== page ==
In addition to the finding that cold, oat-based cereals provide the best source of morning milk-bowl-spoon-based antioxidants, the researchers found that popcorn provides more of the dietary fiber and antioxidants than any other snack food, according to findings presented at the meeting of the American Chemical Society.
"It's a whole grain, people don't think of it that way but it is," said Keith-Thomas Ayoob, an associate professor of pediatrics at the Albert Einstein College of Medicine in New York in response to the study's findings. "It's a different form of corn, but it's definitely a whole grain."
Joe Vinson, a professor of chemistry at the University of Scranton in Pennsylvania and the study's lead author, said there are a number of reasons for popcorn's nutritional value.
"The more processed the grain is, you're losing nutrients and antioxidants," he said. "The closer you can get to the plant, the better off you are."
In the case of popcorn, he explained, the antioxidants are protected from the sun in the drying process, and the corn loses only a little bit of them when it is popped. Additionally, through the whole process, the fiber provided by the whole grain is not removed.
"If you can air-pop your popcorn and then add a minimal amount of salt, you'd have the best popcorn," Vinson said.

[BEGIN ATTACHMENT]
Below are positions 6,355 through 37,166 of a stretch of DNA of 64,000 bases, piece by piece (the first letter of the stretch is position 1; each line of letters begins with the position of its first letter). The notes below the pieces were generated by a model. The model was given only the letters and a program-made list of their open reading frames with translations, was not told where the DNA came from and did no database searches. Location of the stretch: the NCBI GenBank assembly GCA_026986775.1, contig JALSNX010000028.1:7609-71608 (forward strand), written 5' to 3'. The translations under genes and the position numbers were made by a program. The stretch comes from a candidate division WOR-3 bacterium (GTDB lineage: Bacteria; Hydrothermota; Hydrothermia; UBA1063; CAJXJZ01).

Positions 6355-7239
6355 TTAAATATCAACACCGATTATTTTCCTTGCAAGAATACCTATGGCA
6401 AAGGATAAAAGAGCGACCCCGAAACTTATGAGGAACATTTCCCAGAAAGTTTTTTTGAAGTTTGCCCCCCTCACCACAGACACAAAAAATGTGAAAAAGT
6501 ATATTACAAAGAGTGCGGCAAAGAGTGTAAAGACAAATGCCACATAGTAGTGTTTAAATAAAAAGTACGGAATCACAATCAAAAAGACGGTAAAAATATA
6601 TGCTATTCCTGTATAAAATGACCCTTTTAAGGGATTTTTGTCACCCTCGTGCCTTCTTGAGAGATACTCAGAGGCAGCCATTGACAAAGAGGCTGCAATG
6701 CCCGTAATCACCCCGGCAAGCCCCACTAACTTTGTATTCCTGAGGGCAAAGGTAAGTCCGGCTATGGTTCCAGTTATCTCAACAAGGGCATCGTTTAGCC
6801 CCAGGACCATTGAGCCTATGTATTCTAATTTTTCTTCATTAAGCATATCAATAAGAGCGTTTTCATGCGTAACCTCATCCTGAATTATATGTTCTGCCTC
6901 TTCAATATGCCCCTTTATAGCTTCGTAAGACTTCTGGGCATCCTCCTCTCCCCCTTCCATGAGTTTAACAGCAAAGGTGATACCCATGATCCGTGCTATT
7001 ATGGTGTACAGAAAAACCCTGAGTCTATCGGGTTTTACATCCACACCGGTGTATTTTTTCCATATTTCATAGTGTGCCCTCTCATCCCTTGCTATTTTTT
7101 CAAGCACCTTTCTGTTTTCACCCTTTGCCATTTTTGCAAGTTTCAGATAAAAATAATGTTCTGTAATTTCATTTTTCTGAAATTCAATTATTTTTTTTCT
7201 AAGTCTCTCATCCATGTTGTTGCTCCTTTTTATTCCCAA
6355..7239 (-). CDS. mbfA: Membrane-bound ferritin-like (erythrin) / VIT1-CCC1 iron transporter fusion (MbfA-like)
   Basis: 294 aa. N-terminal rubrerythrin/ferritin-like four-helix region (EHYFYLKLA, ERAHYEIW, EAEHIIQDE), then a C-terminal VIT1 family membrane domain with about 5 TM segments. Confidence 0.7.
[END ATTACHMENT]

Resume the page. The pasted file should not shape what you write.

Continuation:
But while popcorn may have the potential to be a healthy addition to the diet, there are some obstacles.
"Eating plain popcorn is like eating cardboard, and therein lies the problem," said Andrew F. Smith, author of "Popped Culture: A Social History of Popcorn in America."
While popcorn could be healthy, he said, "It isn't, because most of us, including myself, love salt, love butter, and love everything else about it. Most people don't make it right."
While he doesn't feel popcorn presents a healthy snack option, Smith expressed disappointment that popcorn manufacturers haven't created a healthy, yet tasty version of their snack.
"They haven't done so. I wish they could. I like popcorn," he said.
Dr. David L. Katz, director of the Prevention Research Center at Yale University School of Medicine, confirmed Smith's sentiments.
"The real issue with popcorn is what gets added to it, and frankly that's often an issue with foods in the modern food supply," he said. "If you add a lot of butter and salt to popcorn, it merely becomes the delivery vehicle for a lot of bad stuff."
"Whole grains are what you want to get from a snack or a cereal, so you're looking for whole grains as the first ingredient," Vinson said.
He noted, however, that the advisory doesn't tend to match the reality on store shelves.
"We do consume what the government wants in terms of the amount of grains, but we're only consuming a third of them as whole grains," said Vinson.
He noted that of the grains people consume, at least half -- and ideally all -- should be whole grains. But for a product to be labeled "whole grain," he said, a simple majority of the grains it contains need to be whole, not all of them.
When it comes to the nutrients themselves, he said, "They are somewhat removed when you refine grain."
A similar problem to that of popcorn happens in tortilla chips.